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New affordable housing task force will develop policies to address shortage

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The members will examine legislation aimed at developers

A one-story brick home with light blue trim in a Chicago neighborhood.
Ukrainian Village neighborhood in Chicago.
Photo by Carmen Troesser

Within the Department of Housing, a new affordable housing task force will guide the Lightfoot administration on policies related to affordable housing for low-income residents.

The task force is responsible for examining policies aimed at developers, such as the Affordable Requirement Ordinance (ARO). It will recommend revisions to the legislation as well as other changes to address the citywide shortage of affordable housing, the mayor’s office said.

Chicago’s ARO rules require residential developments receiving assistance from the city—be it a financial incentives, a zoning change, or a deal involving city-owned land—to ensure that part of the project has housing units for low-income residents. Typically, that range falls between 10 to 20 percent. In certain cases, developers can opt to pay a fee into the city’s Affordable Housing Opportunity Fund (AHOF) instead of including the units on-site at the residential project. The fund helps the city maintain existing affordable housing.

Currently, the task force is led by Stacie Young of Community Investments Corporation, Juan Sebastian Arias of the Metropolitan Planning Council, Tony Smith of PNC Bank, 48th Ward Alderman Harry Osterman, 27th Ward Alderman Walter Burnett, and 25th Ward Alderman Byron Sigcho-Lopez.

The city is seeking up to 20 volunteers to join the task force—it’s open to all Chicago residents, civic organizations, community advocates, unions, and housing developers. Those interested can apply on the DOH website before the deadline at 5 p.m. Monday, October 28.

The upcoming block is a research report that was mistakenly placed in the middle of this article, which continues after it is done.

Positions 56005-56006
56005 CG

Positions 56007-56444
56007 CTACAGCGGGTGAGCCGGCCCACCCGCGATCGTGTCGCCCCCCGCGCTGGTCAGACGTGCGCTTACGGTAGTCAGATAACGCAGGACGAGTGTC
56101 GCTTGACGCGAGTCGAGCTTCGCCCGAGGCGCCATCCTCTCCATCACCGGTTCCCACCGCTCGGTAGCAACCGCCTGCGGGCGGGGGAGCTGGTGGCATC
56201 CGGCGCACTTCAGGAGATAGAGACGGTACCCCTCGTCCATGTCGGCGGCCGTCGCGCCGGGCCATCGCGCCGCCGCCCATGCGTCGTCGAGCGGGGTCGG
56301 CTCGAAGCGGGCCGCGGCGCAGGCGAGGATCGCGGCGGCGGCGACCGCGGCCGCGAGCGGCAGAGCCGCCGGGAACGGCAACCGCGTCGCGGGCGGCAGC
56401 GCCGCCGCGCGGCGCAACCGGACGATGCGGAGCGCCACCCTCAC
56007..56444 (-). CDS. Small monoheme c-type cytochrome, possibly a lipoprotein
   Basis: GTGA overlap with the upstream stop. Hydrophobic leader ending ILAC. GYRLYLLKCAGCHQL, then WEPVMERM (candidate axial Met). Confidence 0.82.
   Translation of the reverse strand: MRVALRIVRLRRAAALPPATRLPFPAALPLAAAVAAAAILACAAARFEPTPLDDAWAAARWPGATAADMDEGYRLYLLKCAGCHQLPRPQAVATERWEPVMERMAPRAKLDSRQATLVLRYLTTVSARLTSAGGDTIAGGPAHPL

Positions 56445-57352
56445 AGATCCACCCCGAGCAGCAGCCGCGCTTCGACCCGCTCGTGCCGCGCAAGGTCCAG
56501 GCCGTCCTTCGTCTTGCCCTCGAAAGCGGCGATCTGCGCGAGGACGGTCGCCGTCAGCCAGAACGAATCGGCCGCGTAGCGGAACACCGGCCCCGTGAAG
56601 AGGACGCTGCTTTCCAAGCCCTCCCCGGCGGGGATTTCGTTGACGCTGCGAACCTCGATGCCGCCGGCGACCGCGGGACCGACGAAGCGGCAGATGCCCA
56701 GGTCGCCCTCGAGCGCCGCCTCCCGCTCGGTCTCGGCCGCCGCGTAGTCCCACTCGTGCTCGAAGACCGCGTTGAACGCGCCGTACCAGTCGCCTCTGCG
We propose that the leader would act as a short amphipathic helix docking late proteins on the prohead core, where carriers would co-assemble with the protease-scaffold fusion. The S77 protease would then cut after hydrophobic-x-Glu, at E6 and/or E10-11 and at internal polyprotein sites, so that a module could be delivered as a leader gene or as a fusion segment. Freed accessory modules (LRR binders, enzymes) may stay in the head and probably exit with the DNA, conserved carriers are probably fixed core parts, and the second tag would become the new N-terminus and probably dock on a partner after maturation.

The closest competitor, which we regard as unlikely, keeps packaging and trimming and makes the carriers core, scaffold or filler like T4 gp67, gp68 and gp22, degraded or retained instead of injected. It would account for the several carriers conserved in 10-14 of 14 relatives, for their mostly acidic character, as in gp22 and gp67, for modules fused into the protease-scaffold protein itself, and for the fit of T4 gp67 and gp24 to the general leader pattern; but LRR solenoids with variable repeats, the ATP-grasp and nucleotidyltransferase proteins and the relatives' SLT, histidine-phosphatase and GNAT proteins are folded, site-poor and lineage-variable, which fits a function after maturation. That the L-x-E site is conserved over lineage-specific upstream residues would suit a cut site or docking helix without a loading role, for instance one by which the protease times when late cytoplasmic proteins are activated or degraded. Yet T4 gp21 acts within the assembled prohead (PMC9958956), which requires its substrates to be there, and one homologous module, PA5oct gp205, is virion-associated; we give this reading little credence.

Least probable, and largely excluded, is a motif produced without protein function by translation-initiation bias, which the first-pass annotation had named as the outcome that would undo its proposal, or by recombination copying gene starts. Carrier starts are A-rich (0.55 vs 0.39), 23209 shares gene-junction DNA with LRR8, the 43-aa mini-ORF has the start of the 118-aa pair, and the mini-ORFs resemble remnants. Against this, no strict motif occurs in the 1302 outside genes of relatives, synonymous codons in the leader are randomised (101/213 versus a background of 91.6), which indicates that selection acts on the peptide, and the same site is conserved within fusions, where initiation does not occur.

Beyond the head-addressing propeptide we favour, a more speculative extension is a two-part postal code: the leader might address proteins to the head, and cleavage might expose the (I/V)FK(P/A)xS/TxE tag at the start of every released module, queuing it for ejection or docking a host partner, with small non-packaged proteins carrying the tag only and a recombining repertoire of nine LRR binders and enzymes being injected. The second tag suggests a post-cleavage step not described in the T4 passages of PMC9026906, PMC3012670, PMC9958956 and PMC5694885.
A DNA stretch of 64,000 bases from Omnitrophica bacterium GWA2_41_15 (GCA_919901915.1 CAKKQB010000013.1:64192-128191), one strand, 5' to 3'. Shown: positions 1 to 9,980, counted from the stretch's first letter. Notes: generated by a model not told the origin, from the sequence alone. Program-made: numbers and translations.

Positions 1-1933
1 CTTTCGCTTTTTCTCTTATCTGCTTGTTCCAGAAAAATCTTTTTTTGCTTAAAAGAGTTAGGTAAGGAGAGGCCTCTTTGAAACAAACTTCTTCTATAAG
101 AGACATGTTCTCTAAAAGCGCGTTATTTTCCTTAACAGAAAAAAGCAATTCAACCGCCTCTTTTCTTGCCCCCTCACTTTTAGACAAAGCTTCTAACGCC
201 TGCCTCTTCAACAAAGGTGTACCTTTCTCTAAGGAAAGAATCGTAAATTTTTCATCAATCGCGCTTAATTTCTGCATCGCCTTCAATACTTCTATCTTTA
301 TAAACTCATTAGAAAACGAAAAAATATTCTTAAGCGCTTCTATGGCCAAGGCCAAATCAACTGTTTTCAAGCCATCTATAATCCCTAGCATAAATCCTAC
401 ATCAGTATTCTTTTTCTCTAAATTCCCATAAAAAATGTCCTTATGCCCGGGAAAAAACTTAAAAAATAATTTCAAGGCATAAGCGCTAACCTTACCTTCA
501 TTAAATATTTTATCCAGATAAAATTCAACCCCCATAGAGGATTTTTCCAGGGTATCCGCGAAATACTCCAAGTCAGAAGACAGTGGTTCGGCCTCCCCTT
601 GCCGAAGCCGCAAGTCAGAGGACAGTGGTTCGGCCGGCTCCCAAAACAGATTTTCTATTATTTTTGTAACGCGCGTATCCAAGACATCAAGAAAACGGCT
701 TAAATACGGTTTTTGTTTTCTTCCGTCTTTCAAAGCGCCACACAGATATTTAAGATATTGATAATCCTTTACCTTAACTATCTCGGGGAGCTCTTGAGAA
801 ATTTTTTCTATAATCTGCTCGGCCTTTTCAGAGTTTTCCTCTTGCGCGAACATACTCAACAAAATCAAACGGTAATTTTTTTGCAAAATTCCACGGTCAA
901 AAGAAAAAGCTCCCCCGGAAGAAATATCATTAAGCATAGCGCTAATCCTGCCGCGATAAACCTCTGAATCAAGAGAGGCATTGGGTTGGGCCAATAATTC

“The Lightfoot administration is committed to creating more affordable housing options citywide, and that begins with evaluating existing tools and resources, like the ARO which is instrumental in providing housing for those most in need,” said DOH Commissioner Marisa Novara. “Our goal is to establish a transparent, equitable revision process and that requires engaging with those who are knowledgeable and most affected by issues of affordable housing. This task force is open to all Chicagoans and will be instrumental in making sure that all voices and ideas are represented and heard.”

The task force is expected to meet once a month for 4 to 6 months beginning in November. In addition, DOH officials will also host neighborhood focus groups to gather feedback on a new affordable housing legislation framework plan. Any changes to the Affordable Requirement Ordinance will go through a public comment period and will need the support of the Chicago City Council to take effect.